(This photo is of a leaf found 10 miles from the Wine Country Firestorm)

“Has life gone back to normal for you?”

This is what I was asked a number of times three plus weeks after firestorms ravaged lives, homes, pets and property here in the Wine Country of Sonoma and Napa and 3 surrounding counties. On October 8, 2017, the biggest firestorm ever recorded in California history began, and the costliest in U.S. history. In these two counties, 43 people lost their lives, as well as untold animals. 4,658 homes in the Santa Rosa‑area alone were destroyed, along with schools, parks, businesses and landmark centers and hotels.

Living ten miles from the fires, inundated with smoke, we were repeatedly asked to not drive and clog the roads. I felt helpless to figure out how to serve in the first days of the fire. My business office is only a mile from where thousands were evacuated. Safe at a distant, I spent countless hours online reading FB posts to see who of my beloved friends and clients were OK.

Normal? No more normal, as we knew it. A new normal, yes. In time.

Joy in times of tragedy is like the small far off rain clouds that first appeared on the edges of the not-yet-extinguished firestorm. At first the clouds were hardly noticed while at the same time we all hoped/prayed for a big rain. When rain came at last, a collective sigh fell over Sonoma County where I have called home for 30 years. This relief, this break from the terror, this moment of hopefulness, this sense of something positive for the common good IS the definition of joy.

Joy is a brain state that creates a moment of openness, of relaxing the guardedness and possibly filling you with a sense of inner peace. Even if it only lasts a moment.

When you look everywhere for small moments of peacefulness, connection and calm, you can see that each one begins to add to another until a jigsaw puzzle of joy begins to fill in from the straight edges to the center.

In your own life these moments may come as you pause for a heartfelt hug, appreciate a kindness or natural beauty, cheer heroism. One day you will, like a jigsaw puzzle, come together inside yourself with a sensation you recognize as “joy.” Your version.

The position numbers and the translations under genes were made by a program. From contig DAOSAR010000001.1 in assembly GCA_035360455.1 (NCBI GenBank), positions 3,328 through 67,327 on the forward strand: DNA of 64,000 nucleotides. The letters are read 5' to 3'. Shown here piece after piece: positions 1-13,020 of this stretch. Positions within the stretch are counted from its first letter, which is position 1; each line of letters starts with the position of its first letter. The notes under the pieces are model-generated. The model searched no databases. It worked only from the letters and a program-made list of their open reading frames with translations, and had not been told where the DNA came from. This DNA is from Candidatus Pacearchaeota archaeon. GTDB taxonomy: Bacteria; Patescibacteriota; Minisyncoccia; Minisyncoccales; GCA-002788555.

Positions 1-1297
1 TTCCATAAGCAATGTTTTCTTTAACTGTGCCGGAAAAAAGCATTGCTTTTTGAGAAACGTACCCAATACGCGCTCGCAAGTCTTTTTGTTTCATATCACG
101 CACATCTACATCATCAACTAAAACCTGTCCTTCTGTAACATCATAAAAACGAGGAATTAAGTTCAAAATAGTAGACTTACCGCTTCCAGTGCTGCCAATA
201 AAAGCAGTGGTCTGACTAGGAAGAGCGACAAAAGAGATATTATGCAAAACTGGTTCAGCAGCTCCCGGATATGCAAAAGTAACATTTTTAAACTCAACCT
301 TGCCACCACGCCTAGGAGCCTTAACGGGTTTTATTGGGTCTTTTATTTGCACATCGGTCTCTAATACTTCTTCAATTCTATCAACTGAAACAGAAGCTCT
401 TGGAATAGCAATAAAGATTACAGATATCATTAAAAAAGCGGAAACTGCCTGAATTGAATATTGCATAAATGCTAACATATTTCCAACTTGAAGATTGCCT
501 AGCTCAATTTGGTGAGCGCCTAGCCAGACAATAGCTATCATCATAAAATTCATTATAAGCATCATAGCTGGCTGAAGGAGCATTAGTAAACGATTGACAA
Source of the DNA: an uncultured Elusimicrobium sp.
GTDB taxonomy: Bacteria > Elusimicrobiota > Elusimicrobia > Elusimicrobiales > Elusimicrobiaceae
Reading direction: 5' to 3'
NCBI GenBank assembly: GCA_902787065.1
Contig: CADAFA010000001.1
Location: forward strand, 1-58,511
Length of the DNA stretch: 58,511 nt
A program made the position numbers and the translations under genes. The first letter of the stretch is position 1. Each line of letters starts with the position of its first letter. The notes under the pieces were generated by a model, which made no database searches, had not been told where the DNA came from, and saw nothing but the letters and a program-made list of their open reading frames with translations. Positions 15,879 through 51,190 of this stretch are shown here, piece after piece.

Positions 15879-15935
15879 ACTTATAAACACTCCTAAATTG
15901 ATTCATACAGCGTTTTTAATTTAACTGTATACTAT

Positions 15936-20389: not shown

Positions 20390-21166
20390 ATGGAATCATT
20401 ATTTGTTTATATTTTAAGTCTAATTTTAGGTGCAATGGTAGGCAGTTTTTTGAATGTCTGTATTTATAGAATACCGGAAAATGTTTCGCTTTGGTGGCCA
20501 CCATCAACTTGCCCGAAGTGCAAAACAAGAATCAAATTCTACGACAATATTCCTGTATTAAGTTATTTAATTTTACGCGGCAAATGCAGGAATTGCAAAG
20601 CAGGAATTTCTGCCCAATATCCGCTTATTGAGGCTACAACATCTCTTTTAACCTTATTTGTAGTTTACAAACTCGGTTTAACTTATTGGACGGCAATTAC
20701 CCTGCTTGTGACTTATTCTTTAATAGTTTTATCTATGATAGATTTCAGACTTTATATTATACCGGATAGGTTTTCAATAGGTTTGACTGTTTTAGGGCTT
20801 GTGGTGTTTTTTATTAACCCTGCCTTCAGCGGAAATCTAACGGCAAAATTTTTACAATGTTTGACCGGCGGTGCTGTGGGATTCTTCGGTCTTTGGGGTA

In our crisis, joy began to show up immediately in the endless ways people expressed their gratitude for heroic actions. The courageous things that make someone a hero were humbly dismissed as, “I just did what was right.” This lack of acceptance of your own goodness can be a block to joy. Recognize that your letting someone merge into traffic in front of you is a kindness that makes a difference. Each small action is a puzzle piece toward the big picture of joy. For everyone.

Here are the many things I have heard that show that Joy was a partner here in the wine country tragedy.

  • Signs popped up on freeways, cars, lawns, advertising, thanking the first responders for their bravery.
  • “My house is gone but my family and pets made it out with me.”
  • “I lost my home and my car but I do work that makes a difference.”
  • People donated gas cards to help drivers who were donating their car and time for food deliveries.
  • Fundraisers every day somewhere in the county – many!!
  • “The smoke is gone, we can breathe again.”
  • 5,000 people contacted the Red Cross in the early days to volunteer. Most were turned away because there were too many.
  • The shelters put up signs, “No more clothes are needed.” The outpouring of goods had been enormous.
  • $100,000 per HOUR poured into the Redwood Credit Union fund for Fire Victims in the first few days of its inception.

What I saw is that joy comes more quickly when you accept that you are in the midst of something terrible. Not by trying to think positive thoughts, or pray for calm, or do anything but let the pain wash over you, flow through you, land for a few days. THEN and only then is it available for you to begin to release. Grief comes in waves. Enjoy the days where you begin to feel better, connect with people you care about, allow your laughter to return. If the next day or so, you feel sad or lost or fuzzy again, remind yourself this is a wave of grief. This is when it’s useful to join a community grief ritual or fundraiser or prayer gathering.

As best you can, become a good surfer and ride the waves of grief as they ebb and flow.

Look for the joy in all the sacred moments that still, and always exist, the glorious vineyard colors, the cooling rains, a smiling face, appreciating the quirky behaviors of those you love, gratitude for the quiet nuances of life, as well as, the bigger communal efforts; a dollar here, a million there raised by us for us.

Together we are strong.

And Joyful!